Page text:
Clean Air Council Questions Marcellus Shale Emissions Inventory Plan
After delaying compilation of a Marcellus Shale emissions inventory for a year, the Pennsylvania Department of Environmental Protection (DEP) requested the data necessary to compile a 2011 inventory by next December. DEP must submit a statewide inventory of emissions from all stationary sources to the U.S. Environmental Protection Agency (EPA) by Dec. 31, 2012.
DEP notified potentially affected Marcellus Shale owners and operators of the new reporting requirements Dec. 6, 2011, and indicated that the data is due by March 1, 2012. While PA DEP reported that they notified 99 owners and operators, they counted each company up to four times for each address they sent the notification to and failed to send the reporting requirements to many large operators in the Marcellus Shale. According to state law, only those owners and operators who have been advised by DEP to submit a source report are required to do so.
The Clean Air Council submitted an inquiry Jan. 2 to DEP Secretary Michael Krancer requesting clarification on how DEP identified potentially affected owners and operators, and how they intend to meet the deadline for reporting to the EPA if the data is incomplete.
Emission inventories are fundamental building blocks used to develop air quality control strategies on a local, regional and national level. Emission inventories are also used to track accountability and assess air quality program effectiveness.
“Each stage of Marcellus Shale operations emits harmful air pollution and an emissions inventory is an essential tool to protect Pennsylvania’s air quality,” said Joseph Otis Minott, esq., executive director of the Clean Air Council. “It is unclear how PA DEP can impose monitoring and reporting requirements upon a portion of the Marcellus Shale industry at the end of 2011 and expect a complete inventory.”
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By Aaron W Hunter
A chance discovery of a beautifully preserved fossil in the desert landscape of Morocco has solved one of the great mysteries of biology and paleontology: how starfish evolved their arms.
The Pompeii of palaeontology. Aaron Hunter, Author provided<h2></h2><p>Although starfish might appear very robust animals, they are typically made up of lots of hard parts attached by ligaments and soft tissue which, upon death, quickly degrade. This means we rely on places like the Fezouata formations to provide snapshots of their evolution.</p><p>The starfish fossil record is patchy, especially at the critical time when many of these animal groups first appeared. Sorting out how each of the various types of ancient starfish relate to each other is like putting a puzzle together when many of the parts are missing.</p><h2>The Oldest Starfish</h2><p><em><a href="https://www.biorxiv.org/content/10.1101/216101v1.full.pdf" target="_blank" rel="noopener noreferrer">Cantabrigiaster</a></em> is the most primitive starfish-like animal to be discovered in the fossil record. It was discovered in 2003, but it has taken over 17 years to work out its true significance.</p><p>What makes <em>Cantabrigiaster</em> unique is that it lacks almost all the characteristics we find in brittle stars and starfish.</p><p>Starfish and brittle stars belong to the family Asterozoa. Their ancestors, the Somasteroids were especially fragile - before <em>Cantabrigiaster</em> we only had a handful of specimens. The celebrated Moroccan paleontologist Mohamed <a href="https://doi.org/10.1016/j.palaeo.2016.06.041" target="_blank" rel="noopener noreferrer">Ben Moula</a> and his local team was instrumental in discovering <a href="https://www.sciencedirect.com/science/article/abs/pii/S0031018216302334?via%3Dihub" target="_blank" rel="noopener noreferrer">these amazing fossils</a> near the town of Zagora, in Morocco.</p><h2>The Breakthrough</h2><p>Our breakthrough moment came when I compared the arms of <em>Cantabrigiaster</em> with those of modern sea lilles, filter feeders with long feathery arms that tend to be attached to the sea floor by a stem or stalk.</p><p>The striking similarity between these modern filter feeders and the ancient starfish led our team from the University of Cambridge and Harvard University to create a new analysis. We applied a biological model to the features of all the current early Asterozoa fossils in existence, along with a sample of their closest relatives.</p>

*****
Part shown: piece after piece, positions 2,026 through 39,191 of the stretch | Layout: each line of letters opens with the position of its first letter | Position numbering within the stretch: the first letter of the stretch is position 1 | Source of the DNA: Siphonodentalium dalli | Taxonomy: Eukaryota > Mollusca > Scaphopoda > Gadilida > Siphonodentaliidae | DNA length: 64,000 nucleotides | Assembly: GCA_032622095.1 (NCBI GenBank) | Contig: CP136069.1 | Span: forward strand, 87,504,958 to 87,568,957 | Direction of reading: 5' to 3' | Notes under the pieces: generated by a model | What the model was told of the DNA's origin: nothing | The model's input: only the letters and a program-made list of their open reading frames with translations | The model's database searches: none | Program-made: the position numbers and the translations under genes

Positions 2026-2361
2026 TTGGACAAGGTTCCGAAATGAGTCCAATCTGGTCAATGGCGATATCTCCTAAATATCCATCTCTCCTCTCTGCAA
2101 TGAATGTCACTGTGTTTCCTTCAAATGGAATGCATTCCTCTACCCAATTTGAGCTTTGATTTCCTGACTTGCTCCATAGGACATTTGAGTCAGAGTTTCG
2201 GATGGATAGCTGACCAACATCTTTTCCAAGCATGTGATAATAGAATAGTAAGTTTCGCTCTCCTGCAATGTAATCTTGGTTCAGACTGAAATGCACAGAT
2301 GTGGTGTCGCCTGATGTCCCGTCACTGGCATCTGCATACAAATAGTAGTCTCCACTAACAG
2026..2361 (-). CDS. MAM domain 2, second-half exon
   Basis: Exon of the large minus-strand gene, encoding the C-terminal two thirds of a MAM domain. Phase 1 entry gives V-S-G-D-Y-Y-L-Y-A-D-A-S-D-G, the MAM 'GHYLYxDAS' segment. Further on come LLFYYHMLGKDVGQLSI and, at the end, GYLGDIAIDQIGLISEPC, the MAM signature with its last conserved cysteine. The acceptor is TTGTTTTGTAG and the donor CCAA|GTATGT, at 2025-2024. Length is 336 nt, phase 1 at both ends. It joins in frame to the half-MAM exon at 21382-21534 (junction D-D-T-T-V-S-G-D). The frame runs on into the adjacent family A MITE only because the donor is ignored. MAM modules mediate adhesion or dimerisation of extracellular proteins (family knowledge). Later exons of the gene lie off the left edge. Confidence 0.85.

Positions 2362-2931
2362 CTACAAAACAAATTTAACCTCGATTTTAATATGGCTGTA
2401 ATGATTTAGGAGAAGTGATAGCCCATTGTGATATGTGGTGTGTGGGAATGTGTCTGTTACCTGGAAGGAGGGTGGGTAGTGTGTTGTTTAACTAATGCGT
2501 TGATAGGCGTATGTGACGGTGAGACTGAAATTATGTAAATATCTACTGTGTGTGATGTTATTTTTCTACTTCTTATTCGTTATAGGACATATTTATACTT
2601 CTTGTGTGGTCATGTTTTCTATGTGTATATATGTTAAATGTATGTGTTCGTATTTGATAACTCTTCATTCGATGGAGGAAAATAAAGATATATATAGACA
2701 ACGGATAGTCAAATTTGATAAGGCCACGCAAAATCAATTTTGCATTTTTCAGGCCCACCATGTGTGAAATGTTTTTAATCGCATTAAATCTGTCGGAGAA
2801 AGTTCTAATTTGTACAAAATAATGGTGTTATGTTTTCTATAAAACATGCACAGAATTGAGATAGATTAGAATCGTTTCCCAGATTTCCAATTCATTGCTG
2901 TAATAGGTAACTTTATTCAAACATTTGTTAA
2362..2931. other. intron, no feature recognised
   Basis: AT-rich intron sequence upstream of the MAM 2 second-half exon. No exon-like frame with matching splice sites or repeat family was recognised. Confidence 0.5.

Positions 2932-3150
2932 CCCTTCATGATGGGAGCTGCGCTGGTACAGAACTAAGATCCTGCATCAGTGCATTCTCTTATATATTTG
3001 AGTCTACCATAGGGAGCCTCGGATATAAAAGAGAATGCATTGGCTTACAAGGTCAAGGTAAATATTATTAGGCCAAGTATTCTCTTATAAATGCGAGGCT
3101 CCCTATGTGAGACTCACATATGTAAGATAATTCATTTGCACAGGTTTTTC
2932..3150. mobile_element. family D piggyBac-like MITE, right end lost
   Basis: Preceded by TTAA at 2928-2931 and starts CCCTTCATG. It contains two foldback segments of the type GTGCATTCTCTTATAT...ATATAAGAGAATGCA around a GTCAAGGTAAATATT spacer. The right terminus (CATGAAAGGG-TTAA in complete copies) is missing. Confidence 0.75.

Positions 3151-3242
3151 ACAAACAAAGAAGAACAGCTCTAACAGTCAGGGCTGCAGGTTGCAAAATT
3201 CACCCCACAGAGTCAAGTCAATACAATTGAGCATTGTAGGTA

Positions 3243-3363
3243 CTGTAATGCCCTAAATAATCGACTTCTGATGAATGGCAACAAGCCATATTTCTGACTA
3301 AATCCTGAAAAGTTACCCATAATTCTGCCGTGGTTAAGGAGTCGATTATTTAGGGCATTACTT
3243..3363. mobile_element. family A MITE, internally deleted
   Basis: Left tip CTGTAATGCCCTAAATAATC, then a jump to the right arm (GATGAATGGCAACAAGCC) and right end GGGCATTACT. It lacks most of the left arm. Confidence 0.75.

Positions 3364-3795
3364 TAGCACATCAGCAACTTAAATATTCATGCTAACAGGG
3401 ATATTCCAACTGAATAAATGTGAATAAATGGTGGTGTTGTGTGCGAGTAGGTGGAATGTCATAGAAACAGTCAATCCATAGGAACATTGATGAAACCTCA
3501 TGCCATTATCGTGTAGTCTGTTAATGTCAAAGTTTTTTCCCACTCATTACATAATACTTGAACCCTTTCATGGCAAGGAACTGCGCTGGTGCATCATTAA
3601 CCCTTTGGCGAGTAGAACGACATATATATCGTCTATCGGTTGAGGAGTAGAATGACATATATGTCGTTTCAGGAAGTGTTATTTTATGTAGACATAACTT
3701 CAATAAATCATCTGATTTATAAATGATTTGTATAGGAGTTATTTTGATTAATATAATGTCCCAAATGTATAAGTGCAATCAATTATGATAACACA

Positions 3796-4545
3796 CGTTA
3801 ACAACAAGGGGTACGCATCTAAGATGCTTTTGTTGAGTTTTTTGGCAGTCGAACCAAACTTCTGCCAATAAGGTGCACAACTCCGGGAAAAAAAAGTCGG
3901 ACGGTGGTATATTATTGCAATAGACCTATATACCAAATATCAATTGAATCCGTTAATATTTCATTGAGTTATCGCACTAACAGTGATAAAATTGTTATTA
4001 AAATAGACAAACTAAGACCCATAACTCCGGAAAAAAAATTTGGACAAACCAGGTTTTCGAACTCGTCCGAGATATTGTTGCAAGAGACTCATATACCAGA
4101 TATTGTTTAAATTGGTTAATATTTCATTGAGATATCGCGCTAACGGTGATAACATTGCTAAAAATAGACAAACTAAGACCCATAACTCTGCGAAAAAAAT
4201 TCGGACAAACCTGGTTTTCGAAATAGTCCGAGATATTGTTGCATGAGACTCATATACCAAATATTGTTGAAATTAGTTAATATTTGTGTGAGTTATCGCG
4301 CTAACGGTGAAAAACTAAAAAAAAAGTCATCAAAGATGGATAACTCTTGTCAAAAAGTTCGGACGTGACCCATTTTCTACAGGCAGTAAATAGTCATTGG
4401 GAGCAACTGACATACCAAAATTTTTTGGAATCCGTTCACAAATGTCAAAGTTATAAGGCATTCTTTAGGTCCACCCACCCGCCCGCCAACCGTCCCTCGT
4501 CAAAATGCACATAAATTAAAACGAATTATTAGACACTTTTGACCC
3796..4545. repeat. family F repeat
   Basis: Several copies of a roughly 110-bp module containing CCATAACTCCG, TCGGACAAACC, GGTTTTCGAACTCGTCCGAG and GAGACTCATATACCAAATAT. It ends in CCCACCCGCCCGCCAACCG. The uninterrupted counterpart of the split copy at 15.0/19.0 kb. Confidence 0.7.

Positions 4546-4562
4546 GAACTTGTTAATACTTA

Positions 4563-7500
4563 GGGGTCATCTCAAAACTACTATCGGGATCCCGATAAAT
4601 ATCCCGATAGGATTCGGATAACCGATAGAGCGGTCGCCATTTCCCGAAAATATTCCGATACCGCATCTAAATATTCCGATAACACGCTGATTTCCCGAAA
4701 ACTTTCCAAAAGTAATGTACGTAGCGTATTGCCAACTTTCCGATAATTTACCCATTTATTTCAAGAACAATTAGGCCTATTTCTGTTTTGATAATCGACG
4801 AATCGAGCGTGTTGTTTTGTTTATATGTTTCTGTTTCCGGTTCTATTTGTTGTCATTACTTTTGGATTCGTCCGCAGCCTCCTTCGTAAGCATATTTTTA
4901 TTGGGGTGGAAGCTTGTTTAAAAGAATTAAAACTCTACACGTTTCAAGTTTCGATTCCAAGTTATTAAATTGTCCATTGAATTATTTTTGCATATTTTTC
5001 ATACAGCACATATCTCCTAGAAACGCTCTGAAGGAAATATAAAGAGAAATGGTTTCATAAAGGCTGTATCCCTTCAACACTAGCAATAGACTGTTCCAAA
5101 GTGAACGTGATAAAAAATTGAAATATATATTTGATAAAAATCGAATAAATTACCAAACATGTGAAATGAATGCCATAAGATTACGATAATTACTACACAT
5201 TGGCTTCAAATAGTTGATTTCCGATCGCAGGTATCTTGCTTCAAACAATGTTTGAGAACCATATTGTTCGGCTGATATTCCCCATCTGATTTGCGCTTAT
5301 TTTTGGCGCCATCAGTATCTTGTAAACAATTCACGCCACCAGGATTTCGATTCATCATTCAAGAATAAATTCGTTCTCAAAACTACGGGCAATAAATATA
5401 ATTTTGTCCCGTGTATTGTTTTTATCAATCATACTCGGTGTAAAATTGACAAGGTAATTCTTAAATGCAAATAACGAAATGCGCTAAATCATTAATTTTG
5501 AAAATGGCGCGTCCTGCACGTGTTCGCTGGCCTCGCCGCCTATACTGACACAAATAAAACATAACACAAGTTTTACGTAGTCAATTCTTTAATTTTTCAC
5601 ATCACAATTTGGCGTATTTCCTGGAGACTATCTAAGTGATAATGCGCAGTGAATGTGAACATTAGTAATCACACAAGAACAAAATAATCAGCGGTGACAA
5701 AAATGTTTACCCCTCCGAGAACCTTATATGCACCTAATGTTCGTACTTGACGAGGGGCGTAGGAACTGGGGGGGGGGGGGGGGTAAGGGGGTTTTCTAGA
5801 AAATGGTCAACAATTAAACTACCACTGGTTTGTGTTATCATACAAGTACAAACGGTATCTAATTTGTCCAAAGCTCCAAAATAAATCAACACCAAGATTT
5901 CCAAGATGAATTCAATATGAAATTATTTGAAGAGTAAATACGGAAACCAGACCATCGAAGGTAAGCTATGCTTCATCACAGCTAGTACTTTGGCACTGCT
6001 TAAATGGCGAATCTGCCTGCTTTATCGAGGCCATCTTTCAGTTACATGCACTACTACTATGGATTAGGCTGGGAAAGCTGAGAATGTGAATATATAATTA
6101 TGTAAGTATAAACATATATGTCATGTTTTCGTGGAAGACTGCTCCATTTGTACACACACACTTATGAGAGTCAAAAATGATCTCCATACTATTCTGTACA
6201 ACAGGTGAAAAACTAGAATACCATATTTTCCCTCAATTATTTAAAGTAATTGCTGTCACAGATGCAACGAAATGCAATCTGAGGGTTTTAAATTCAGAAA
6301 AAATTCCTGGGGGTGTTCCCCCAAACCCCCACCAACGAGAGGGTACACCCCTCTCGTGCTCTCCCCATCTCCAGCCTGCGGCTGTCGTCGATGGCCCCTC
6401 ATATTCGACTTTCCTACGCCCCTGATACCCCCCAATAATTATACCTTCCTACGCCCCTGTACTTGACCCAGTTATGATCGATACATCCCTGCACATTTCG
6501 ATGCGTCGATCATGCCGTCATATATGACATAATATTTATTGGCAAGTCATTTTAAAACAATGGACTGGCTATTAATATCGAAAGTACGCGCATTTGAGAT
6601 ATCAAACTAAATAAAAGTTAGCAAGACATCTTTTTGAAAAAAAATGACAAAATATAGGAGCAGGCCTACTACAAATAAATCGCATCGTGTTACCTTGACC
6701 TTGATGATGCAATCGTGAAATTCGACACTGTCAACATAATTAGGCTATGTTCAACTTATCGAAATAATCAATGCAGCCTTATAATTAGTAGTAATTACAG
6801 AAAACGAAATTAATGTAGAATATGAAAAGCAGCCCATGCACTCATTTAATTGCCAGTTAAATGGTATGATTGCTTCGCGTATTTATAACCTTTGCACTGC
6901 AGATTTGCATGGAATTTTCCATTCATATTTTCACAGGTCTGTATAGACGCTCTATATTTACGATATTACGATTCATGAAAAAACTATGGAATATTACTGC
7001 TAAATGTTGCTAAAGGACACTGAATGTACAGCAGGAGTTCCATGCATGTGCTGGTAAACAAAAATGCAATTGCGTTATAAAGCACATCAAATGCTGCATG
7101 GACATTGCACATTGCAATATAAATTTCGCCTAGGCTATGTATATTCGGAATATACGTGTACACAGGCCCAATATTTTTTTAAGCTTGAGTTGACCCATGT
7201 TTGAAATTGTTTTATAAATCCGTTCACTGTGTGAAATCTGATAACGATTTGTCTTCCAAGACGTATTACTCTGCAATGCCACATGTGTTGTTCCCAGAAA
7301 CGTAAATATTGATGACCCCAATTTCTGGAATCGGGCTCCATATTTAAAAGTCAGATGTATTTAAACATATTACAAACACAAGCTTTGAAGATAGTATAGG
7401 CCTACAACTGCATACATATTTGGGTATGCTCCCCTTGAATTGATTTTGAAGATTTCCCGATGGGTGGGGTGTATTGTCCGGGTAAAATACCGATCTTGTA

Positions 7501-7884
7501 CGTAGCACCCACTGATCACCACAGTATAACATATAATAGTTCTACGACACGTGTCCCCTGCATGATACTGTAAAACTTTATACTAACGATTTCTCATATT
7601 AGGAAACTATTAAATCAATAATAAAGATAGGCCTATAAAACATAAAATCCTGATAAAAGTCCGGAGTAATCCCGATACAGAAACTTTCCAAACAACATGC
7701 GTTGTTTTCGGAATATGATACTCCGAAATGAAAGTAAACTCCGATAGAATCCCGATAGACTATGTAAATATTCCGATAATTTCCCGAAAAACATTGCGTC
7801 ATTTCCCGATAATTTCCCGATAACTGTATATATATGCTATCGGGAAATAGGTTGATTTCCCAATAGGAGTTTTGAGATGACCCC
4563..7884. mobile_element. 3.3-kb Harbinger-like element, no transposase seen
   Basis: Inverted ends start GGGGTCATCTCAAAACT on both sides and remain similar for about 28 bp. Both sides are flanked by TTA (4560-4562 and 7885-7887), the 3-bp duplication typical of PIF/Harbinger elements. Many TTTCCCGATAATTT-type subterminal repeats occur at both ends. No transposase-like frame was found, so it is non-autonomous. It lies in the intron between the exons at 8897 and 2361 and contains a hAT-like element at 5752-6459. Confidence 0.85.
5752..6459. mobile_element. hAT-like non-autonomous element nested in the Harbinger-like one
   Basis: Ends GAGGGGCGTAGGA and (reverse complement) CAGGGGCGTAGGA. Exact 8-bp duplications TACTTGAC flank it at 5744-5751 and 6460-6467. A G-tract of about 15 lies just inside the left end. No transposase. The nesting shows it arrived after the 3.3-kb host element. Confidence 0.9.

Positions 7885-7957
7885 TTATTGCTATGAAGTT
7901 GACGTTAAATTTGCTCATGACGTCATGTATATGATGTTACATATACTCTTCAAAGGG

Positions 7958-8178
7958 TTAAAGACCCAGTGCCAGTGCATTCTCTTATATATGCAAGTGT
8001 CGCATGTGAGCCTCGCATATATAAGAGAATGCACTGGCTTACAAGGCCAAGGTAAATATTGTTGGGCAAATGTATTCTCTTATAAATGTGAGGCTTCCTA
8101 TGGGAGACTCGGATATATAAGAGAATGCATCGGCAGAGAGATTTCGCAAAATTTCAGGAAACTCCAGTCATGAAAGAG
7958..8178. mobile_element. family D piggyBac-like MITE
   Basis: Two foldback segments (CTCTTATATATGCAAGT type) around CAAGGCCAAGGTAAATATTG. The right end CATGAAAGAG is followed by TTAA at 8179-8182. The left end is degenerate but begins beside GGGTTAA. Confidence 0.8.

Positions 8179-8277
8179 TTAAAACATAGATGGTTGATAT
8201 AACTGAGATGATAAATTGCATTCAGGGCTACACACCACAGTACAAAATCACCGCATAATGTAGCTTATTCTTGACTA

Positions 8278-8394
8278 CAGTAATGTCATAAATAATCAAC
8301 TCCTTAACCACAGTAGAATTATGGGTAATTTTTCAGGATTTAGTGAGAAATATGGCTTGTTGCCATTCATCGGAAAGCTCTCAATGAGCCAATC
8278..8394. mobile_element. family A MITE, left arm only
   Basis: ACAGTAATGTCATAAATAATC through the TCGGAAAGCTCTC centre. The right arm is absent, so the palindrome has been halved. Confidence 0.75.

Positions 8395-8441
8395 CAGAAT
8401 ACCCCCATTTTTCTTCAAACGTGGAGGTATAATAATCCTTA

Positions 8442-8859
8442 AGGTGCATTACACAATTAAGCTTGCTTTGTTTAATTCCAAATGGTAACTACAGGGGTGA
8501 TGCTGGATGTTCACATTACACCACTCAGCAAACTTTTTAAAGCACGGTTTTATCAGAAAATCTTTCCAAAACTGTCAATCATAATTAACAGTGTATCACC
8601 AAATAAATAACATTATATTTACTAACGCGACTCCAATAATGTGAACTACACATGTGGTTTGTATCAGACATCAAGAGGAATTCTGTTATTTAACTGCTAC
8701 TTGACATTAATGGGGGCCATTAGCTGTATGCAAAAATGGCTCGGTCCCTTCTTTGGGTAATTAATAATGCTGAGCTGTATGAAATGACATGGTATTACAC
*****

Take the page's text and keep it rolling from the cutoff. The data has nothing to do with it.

Cantabrigiaster is the most primitive starfish-like animal to be discovered in the fossil record. Aaron Hunter, Author provided<p>Our results demonstrate <em>Cantabrigiaster</em> is the most primitive of all the Asterozoa, and most likely evolved from ancient animals called crinoids that lived 250 million years before dinosaurs. The five arms of starfish are a relic left over from these ancestors. In the case of <em>Cantabrigiaster</em>, and its starfish descendants, it evolved by flipping upside-down so its arms are face down on the sediment to feed.</p><p>Although we sampled a relatively small numbers of those ancestors, one of the unexpected outcomes was it provided an idea of how they could be related to each other. Paleontologists studying echinoderms are often lost in detail as all the different groups are so radically different from each other, so it is hard to tell which evolved first.</p>
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